1. Focus on interaction

    Dialogue moves in two directions. Ensure that you listen at least as much as you speak. 

    1. Let go of judgements

    Show your child that you love and accept them just as they are. You can validate their experiences even when you disagree with their choices.

    1. Drop your agenda

    Encourage your child to develop their own perspective and solve their own dilemmas. Resist the urge to do the work for them.

    1. Address underlying issues

    There’s often more to a conversation than what appears on the surface. If you think your child is overreacting or developing unhealthy patterns, you may need to dig deeper or consider family counseling.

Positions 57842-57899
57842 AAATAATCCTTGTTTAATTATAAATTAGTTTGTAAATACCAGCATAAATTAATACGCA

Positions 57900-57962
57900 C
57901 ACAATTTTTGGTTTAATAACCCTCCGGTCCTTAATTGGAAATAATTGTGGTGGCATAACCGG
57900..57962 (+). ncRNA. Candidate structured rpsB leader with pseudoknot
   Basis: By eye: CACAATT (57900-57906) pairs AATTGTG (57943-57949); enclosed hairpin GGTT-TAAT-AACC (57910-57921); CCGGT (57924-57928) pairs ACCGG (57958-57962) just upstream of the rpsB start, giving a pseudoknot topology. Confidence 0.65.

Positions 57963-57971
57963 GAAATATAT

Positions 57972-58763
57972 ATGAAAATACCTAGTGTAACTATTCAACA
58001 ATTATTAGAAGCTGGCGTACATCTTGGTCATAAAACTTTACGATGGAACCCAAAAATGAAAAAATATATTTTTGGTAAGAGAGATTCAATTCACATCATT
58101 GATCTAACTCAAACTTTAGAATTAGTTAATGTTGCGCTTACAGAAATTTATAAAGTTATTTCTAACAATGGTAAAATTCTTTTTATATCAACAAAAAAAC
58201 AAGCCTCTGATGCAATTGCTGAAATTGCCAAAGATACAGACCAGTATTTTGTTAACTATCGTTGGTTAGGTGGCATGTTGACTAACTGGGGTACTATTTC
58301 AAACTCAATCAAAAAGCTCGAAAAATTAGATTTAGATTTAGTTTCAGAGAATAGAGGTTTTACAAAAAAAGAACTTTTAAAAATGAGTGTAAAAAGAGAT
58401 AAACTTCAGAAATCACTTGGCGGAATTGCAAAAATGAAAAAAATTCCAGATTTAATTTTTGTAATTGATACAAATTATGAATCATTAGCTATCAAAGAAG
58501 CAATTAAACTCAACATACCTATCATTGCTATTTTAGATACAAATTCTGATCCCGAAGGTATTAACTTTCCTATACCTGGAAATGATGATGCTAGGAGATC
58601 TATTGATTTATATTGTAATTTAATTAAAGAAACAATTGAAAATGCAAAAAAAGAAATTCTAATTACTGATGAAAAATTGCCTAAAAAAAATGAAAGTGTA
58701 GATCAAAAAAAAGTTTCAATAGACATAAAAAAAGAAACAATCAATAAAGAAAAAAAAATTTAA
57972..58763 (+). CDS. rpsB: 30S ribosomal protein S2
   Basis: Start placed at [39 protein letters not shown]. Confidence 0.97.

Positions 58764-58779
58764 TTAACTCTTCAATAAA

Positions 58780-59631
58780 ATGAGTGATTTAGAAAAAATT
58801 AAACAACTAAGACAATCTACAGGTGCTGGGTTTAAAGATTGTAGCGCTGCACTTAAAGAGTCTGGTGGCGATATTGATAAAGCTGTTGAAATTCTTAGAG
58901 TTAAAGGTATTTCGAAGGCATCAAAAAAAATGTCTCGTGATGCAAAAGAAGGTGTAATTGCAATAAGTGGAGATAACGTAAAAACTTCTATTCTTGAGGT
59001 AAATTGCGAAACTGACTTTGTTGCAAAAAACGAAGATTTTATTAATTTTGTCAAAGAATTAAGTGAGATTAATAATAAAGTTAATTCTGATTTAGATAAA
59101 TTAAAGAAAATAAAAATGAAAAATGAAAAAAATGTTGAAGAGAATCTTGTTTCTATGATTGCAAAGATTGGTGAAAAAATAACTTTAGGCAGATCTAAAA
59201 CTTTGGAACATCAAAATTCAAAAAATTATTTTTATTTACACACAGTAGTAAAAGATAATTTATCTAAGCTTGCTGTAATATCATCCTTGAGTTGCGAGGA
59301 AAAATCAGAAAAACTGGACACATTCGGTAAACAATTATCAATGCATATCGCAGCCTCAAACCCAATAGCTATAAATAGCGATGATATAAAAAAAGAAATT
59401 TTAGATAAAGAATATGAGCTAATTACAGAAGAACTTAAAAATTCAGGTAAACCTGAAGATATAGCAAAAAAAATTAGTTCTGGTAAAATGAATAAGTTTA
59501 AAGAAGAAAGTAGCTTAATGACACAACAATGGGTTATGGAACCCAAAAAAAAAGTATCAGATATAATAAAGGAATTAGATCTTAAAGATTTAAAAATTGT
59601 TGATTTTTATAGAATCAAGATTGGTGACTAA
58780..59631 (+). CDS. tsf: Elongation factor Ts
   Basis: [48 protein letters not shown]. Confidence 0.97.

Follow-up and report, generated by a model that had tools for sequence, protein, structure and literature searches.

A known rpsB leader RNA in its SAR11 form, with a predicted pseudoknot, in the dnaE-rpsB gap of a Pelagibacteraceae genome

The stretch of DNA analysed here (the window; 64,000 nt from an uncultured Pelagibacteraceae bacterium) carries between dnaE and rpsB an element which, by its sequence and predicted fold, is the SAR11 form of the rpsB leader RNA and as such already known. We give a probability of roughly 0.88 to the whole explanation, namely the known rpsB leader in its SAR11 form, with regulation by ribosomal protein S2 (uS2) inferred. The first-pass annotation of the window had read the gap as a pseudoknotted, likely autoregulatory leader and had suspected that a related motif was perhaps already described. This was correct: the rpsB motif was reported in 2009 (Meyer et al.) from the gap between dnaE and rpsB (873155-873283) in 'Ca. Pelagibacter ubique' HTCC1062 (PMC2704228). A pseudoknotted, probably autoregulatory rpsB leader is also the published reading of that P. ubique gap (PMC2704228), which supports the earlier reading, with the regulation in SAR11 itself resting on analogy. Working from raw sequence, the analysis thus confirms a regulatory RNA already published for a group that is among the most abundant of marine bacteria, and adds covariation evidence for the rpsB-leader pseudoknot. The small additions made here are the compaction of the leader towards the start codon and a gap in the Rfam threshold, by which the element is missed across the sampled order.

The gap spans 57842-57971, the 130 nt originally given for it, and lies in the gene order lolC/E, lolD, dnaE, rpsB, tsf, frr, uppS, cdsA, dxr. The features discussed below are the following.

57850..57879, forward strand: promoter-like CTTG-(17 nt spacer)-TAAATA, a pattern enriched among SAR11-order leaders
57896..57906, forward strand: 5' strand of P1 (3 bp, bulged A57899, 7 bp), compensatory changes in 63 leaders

1. Watch your body language

    A great deal of communications is non-verbal. Use your facial expressions and gestures to show your child that you’re interested and supportive. Make eye contact and keep your body relaxed and open.

    1. Discuss feelings

    Even adults often struggle to identify and share their feelings. The more you work on your own emotional intelligence, the more you can be a role model for understanding and expressing feelings.

    1. Keep practicing

    You may find that active listening seems unnatural or complicated at first. However, your abilities will grow over time, and your family life will be enriched just by making the effort.

    Help your child to develop healthy self-esteem and communication skills by listening to what they have to say. They’ll have a brighter future, and you’ll both enjoy a closer relationship.